“There have been a couple of players who have been mentioned to me that obviously I would like to see as soon as possible, so I’d want to be doing that. One or two of the managers in the League of Ireland have said that these players are definitely worth looking at, so I’ve taken that into consideration and that would be good.
“I’m starting from scratch in that aspect so when the season kicks off, hopefully I will be at some of these matches, particularly the players that have been brought to my attention.”
One former Ireland international who is now playing at club level here is Keith Fahey, who joined St Patrick’s Athletic in the winter. He is not currently in the Ireland manager’s plans, but nor did O’Neill emphatically rule out a possible recall.
“When you ask me if [Fahey] is close to the squad at this moment, I’d have to say no, not at this minute, but it doesn’t mean that I can’t reconsider. I will certainly keep it open.
“Of course you would love every single player in your squad to be playing at the highest possible level, but it’s not going to happen and I knew that anyway before I took the job, so a lot of the games I’ve been watching are Championship matches. It doesn’t mean that someone who hasn’t made this squad, provisional or otherwise, hasn’t got a chance of coming through as well. I can’t really dismiss it.”
The scheduling of a friendly international during a critical juncture of the club season is not ideal for managers of Premier League and pionship clubs, but O’Neill, who has managed several English clubs in the past, is considerate of their mindset.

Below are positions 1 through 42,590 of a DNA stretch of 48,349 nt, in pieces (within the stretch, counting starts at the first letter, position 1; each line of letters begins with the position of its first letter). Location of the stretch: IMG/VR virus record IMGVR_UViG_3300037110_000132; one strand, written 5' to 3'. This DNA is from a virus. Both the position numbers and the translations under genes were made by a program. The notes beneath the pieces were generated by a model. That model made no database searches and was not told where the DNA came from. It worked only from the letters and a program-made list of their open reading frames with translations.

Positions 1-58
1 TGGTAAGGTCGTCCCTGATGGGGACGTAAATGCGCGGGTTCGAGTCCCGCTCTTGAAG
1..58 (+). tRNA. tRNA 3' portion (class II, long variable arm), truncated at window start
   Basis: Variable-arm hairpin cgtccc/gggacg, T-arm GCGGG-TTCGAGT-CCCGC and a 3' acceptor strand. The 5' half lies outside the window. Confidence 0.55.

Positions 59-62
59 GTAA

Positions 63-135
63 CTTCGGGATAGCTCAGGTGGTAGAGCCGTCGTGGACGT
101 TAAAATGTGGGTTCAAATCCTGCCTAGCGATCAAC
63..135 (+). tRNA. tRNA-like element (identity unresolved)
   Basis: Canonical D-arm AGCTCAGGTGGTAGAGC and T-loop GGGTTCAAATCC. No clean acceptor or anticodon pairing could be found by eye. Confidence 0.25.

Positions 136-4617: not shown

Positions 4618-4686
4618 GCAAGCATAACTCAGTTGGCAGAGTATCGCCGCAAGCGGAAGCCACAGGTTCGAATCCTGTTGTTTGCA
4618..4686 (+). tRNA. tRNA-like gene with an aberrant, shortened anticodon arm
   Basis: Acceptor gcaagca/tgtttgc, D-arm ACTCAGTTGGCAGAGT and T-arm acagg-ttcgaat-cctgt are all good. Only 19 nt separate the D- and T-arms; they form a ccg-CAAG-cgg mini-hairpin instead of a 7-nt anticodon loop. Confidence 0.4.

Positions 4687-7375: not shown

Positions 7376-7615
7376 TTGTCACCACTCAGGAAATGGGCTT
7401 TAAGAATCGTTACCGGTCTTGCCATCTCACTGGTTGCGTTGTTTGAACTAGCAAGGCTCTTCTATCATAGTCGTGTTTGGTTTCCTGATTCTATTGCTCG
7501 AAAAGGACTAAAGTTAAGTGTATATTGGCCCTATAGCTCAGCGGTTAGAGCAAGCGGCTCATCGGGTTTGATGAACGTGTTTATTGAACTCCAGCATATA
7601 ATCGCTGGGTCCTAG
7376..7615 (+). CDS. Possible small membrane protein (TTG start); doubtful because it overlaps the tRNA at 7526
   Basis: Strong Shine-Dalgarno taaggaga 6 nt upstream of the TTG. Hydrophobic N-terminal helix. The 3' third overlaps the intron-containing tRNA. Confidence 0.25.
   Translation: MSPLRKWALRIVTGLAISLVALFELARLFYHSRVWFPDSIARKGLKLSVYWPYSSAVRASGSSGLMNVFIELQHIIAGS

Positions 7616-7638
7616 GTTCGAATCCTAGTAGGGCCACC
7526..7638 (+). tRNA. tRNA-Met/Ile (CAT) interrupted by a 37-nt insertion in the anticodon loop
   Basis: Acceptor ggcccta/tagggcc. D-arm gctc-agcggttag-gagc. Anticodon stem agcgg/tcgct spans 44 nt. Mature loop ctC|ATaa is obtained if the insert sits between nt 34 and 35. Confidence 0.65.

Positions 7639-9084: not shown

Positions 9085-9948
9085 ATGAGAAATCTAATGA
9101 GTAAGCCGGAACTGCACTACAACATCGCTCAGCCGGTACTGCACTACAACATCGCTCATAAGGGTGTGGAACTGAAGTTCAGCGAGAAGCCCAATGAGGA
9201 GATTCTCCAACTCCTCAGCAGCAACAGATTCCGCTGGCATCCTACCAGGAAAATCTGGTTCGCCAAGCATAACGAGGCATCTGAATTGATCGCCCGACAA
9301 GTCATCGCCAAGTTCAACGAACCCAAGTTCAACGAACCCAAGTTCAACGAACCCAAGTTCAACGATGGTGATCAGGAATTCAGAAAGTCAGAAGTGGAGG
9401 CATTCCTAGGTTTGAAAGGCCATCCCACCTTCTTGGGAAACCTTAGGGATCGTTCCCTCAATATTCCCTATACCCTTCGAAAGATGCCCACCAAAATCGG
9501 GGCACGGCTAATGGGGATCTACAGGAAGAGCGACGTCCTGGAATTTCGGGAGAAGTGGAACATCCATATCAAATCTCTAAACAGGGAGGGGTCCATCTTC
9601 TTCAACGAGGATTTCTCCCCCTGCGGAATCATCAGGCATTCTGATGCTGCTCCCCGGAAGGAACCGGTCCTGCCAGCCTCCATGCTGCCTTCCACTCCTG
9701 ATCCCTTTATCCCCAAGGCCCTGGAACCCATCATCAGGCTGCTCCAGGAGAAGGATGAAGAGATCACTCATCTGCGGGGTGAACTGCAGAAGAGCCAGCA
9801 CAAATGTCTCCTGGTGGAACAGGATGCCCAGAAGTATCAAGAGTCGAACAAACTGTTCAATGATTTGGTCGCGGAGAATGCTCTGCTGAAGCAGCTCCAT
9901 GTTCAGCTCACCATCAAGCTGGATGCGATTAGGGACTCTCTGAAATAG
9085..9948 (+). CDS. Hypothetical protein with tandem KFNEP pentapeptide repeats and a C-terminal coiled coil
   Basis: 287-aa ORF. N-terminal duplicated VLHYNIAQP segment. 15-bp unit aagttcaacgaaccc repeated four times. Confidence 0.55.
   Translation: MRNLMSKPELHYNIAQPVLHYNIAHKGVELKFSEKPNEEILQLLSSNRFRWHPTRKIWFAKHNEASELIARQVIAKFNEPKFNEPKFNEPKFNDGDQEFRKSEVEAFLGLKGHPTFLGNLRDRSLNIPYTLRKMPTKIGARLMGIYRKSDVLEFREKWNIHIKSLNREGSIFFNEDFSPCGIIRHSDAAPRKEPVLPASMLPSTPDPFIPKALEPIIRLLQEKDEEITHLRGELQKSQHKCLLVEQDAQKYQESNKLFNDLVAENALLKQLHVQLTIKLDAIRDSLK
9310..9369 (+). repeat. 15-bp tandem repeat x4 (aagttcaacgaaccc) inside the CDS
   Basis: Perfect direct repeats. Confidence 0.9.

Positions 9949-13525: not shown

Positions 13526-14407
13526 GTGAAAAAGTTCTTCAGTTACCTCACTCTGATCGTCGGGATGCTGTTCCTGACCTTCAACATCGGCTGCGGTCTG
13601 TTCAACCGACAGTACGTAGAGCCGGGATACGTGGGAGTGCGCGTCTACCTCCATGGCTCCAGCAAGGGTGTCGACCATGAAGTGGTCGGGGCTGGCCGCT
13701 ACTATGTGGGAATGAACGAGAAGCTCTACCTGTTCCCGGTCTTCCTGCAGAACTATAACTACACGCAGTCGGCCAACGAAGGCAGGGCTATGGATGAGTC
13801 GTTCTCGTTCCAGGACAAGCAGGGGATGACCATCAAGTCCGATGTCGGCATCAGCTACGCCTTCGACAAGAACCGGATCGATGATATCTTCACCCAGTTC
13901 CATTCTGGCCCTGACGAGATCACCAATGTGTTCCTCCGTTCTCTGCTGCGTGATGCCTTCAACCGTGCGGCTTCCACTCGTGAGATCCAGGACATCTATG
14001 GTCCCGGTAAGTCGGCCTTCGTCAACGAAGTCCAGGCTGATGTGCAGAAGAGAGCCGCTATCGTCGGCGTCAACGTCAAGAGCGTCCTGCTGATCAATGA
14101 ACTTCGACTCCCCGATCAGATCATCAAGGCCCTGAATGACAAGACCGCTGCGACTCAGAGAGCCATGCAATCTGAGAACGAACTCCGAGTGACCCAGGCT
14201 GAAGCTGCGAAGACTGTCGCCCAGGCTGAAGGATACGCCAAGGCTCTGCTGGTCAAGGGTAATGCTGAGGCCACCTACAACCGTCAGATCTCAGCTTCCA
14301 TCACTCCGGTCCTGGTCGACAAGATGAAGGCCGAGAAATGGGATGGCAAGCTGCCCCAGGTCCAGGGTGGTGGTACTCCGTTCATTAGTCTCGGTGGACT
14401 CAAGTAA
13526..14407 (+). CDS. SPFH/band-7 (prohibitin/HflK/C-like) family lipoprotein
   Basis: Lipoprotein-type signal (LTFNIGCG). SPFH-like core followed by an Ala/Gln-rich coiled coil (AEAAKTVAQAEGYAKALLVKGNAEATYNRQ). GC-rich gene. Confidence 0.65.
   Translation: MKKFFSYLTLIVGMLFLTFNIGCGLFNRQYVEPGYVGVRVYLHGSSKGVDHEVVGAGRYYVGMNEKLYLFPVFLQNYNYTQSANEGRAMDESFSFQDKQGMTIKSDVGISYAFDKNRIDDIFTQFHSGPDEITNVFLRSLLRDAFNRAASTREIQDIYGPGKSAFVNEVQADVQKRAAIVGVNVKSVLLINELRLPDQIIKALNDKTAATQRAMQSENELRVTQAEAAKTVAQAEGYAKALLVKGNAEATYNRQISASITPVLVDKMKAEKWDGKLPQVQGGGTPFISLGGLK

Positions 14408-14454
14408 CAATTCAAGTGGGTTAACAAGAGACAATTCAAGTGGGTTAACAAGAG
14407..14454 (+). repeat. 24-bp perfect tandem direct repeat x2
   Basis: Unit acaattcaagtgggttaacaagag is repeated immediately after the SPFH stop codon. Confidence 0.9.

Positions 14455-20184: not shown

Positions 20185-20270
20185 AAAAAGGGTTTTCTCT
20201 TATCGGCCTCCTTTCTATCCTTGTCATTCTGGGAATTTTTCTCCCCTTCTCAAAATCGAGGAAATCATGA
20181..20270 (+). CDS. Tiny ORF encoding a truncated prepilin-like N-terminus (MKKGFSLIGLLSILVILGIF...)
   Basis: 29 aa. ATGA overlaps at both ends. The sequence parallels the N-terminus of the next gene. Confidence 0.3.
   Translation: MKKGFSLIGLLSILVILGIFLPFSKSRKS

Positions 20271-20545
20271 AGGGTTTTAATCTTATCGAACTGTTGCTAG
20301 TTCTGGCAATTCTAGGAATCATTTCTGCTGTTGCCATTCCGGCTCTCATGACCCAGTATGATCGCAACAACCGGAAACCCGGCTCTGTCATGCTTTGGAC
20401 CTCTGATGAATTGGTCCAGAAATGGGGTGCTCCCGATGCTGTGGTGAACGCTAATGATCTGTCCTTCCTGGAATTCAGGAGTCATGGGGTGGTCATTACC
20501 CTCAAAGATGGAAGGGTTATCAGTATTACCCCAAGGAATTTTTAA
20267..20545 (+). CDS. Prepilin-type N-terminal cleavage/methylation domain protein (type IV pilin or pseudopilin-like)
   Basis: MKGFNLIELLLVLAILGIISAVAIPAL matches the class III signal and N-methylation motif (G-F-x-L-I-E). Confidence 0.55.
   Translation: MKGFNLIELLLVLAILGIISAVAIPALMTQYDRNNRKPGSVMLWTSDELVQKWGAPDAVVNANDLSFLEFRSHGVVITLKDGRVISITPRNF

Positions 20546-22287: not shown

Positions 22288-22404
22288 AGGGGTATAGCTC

He stated that he has been in contact with some club managers to ensure an understanding as to what is expected of players on international duty.
“I will liaise with some managers who will be very anxious about their players in this particular international game that they, the club managers, would probably consider a botheration at this time. I’ll just try and play ball with them if it’s at all possible, but by the same token try to get something out of the game.
“I know that when I was a club manager, I’d like an international manager to call me about one of my players, particularly this game coming up where it’s a shortened week. You’ve only got them for a day or two and to say that I’m calling a player into the squad and I’m going to use them for a certain length of time in a match, that give me a wee bit of comfort.
“There is only a certain number of substitutions that you can make here in these games, so one or two players are going to have to play the full game.”
Finally, O’Neill and Ireland will learn on Sunday who will be their opponents for the qualifiers for UEFA Euro 2016, which has been expanded to 24 teams.
Ireland are in the second group of seeds, and with at least two teams guaranteed to advance from each group, a kind draw would boost Ireland’s chances of qualifying for the finals in France.
The Ulsterman will attend the qualifying draw in Nice this weekend, saying that he is eagerly anticipating the discovery of his first opponents in competitive action when the qualifiers begin in September.
“I’m looking forward to it immensely. It’s the thing that actually draws it more closely to me. There’s a focal point. I’ve been looking forward to the draw for a while now. I can see teams in Pot 2 along with us that you thought might not be as strong as some teams in Pot 3. Let’s just take it as it comes and enjoy it as it happens.
“There are teams in Pot 3 that you would be very wary of and there are some teams in Pot 4 that I would also be wary of, but I’ll go with it. I’ll enjoy it while it happens and try not to make too many faces if the draw is coming up that I’m not overly happy with.”